CONTRIBUTOR

Simon Perkins
16 MARCH 2013

Dorothy Iannone's Innocent and Aware

Dorothy Iannone, "Innocent and Aware", 8 March 2013 – 5 May 2013, Camden Arts Centre in London.

"Iannone's portrayals of male and female sexuality celebrate the joy of her most intimate relationships while subverting traditional gender stereotypes of dominance and control. Through graphic paintings, sculptures and video boxes her works depict partly–clothed and naked figures on bright psychedelic backgrounds of flora, mandalas and biomorphic patterns. Recalling classical Indian erotic art, Egyptian frescoes and Byzantine mosaics, Iannone's intricate work communicates a personal narrative, passionate love affairs and lifetime pursuit of 'ecstatic unity' through transcendence and spirituality."

(Camden Arts Centre, 2013)

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201320th century artartistbiomorphic • biomorphic patterns • ByzantineCamden Arts Centrecontroldominance • Dorothy Iannone • ecstasy • ecstatic unity • erotic artexhibitionexplicit sexual imageryfemale artistfemale sexuality • fresco • gender representationgender stereotypesgenitals • graphic paintings • innocenceintimacyintimate sexuality • love affair • lovemaking • mandala • mosaicnaive stylenaively drawn figuresnaked figuresNorth American artistpenispersonal narrativephysical lovepsychedelicpsychedelic imageryself-taughtsex • sexual liberation • sexual politicssexualityshock artspectacle • spiritual awareness • spiritualitytranscendence • unconditional love • vagina • video box • vulvawomen artistswomen in art and design

CONTRIBUTOR

Simon Perkins
12 JANUARY 2013

The Last Picture Show: ode to a Texan small town

"It's hard to overestimate the influence of Peter Bogdanovich's The Last Picture Show (1971) ... on all those other elegiac movies about lost youth and crumbling dreams in small American towns that followed it in such huge numbers. We know the storylines, which never vary much. Boy meets girl. They fall in love and think their relationship will last forever but war/adulthood/pregnancy intervenes. Old school friends spend a last summer of high jinks together. They vow eternal loyalty to one another but then the autumn rolls in and their lives drag them off in very different directions. The visual clichés are familiar, too: by the final reel, the once teeming street is empty, with wind blowing the dust, or the old café where the friends used to meet is boarded up. ...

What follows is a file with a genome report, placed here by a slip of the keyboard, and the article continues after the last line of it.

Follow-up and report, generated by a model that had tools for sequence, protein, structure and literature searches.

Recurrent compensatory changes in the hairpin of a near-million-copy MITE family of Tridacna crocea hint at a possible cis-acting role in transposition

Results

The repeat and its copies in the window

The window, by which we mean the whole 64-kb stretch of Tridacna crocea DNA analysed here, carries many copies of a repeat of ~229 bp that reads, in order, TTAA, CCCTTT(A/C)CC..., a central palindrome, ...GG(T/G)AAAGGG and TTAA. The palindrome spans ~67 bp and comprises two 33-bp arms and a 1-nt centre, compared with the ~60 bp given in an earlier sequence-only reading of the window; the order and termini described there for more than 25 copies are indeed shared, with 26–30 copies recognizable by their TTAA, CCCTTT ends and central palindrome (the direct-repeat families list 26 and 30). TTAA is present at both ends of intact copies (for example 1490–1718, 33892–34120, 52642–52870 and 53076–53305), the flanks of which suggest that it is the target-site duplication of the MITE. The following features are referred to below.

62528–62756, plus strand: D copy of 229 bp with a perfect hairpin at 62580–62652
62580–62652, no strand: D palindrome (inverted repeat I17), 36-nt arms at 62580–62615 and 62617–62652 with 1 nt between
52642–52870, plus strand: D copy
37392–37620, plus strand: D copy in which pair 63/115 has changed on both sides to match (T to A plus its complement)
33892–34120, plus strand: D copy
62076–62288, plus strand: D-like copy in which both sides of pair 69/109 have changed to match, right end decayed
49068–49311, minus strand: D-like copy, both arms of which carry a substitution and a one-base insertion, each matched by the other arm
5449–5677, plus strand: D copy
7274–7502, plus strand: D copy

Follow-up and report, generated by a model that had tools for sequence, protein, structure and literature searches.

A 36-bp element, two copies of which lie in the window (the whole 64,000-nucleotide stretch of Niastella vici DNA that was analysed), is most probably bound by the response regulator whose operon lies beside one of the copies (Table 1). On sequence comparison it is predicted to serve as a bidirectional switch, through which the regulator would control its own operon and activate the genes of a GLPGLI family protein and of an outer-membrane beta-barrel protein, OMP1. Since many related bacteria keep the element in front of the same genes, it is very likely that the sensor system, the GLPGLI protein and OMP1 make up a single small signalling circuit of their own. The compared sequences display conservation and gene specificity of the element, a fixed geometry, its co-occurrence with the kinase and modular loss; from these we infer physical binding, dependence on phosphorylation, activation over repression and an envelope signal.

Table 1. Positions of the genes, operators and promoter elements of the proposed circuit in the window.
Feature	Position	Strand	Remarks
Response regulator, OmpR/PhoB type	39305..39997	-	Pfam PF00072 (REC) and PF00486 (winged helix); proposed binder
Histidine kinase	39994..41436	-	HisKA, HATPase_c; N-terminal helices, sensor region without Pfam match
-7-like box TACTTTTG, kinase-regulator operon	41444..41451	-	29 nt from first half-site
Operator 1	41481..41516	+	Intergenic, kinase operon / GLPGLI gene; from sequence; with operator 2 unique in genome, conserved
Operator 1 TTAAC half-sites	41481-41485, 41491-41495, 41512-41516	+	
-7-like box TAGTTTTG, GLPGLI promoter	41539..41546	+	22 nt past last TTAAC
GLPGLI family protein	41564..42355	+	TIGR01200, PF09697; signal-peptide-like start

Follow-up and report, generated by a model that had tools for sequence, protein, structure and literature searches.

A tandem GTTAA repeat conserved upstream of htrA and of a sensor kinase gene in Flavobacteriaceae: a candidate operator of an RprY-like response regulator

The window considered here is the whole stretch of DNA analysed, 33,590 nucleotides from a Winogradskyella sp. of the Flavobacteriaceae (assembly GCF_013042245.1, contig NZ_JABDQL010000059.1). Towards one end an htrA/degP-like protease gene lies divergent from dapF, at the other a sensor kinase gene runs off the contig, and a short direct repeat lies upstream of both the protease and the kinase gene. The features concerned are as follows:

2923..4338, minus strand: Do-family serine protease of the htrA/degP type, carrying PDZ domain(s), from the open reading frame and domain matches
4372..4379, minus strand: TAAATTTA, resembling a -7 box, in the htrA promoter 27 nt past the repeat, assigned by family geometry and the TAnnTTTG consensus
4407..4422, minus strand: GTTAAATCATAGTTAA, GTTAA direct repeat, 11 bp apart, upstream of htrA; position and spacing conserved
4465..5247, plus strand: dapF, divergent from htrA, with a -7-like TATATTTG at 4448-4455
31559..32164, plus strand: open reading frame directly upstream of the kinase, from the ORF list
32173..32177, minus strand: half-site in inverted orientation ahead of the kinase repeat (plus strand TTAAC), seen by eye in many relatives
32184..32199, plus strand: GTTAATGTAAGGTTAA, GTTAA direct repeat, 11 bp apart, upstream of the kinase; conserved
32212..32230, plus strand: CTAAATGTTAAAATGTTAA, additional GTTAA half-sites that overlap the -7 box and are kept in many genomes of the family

When Bogdanovich revisited Thalia with a belated sequel, Texasville, in 1990, the results were mixed at best. What had made the original so distinctive was the youth of the characters played by Shepherd, Bottoms and Bridges – their curiosity, innocence and their sense of yearning. Witnessing their travails in middle age simply didn't have the same impact. The real follow–up to The Last Picture Show wasn't Texasville but the films that were made – and are still being made today – in its mould."

(The Independent, 18 March 2011)

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1971adolescence • American Graffiti (1973) • Archer City • arthouse cinema • Big Wednesday (1978) • black and white • broken dreams • Cloris Leachman • coming of age • crumbling dreams • Cybill Shepherd • Diner (1982) • Easy Rider (1969) • Eileen Brennan • femme fatale • football coach • Hank Williams • high school • illicit relationship • innocenceintrospectionJeff Bridges • juvenile • Korean War • Larry McMurtry • lost youth • nakedPeter Bogdanovich • pool hall • provincial town • rites of passage • roughhouse • Rumble Fish (1983) • Sam Bottoms • self-conscious • sense of yearning • sexsmall townsmall town America • sombre • soulful • Stand By Me (1986) • swimming • teenage temptress • teenagersTexas • Texasville (1990) • Thalia • The Last Picture Show (1971) • The Outsiders (1983) • Timothy Bottoms • would-be rebel • youth

CONTRIBUTOR

Simon Perkins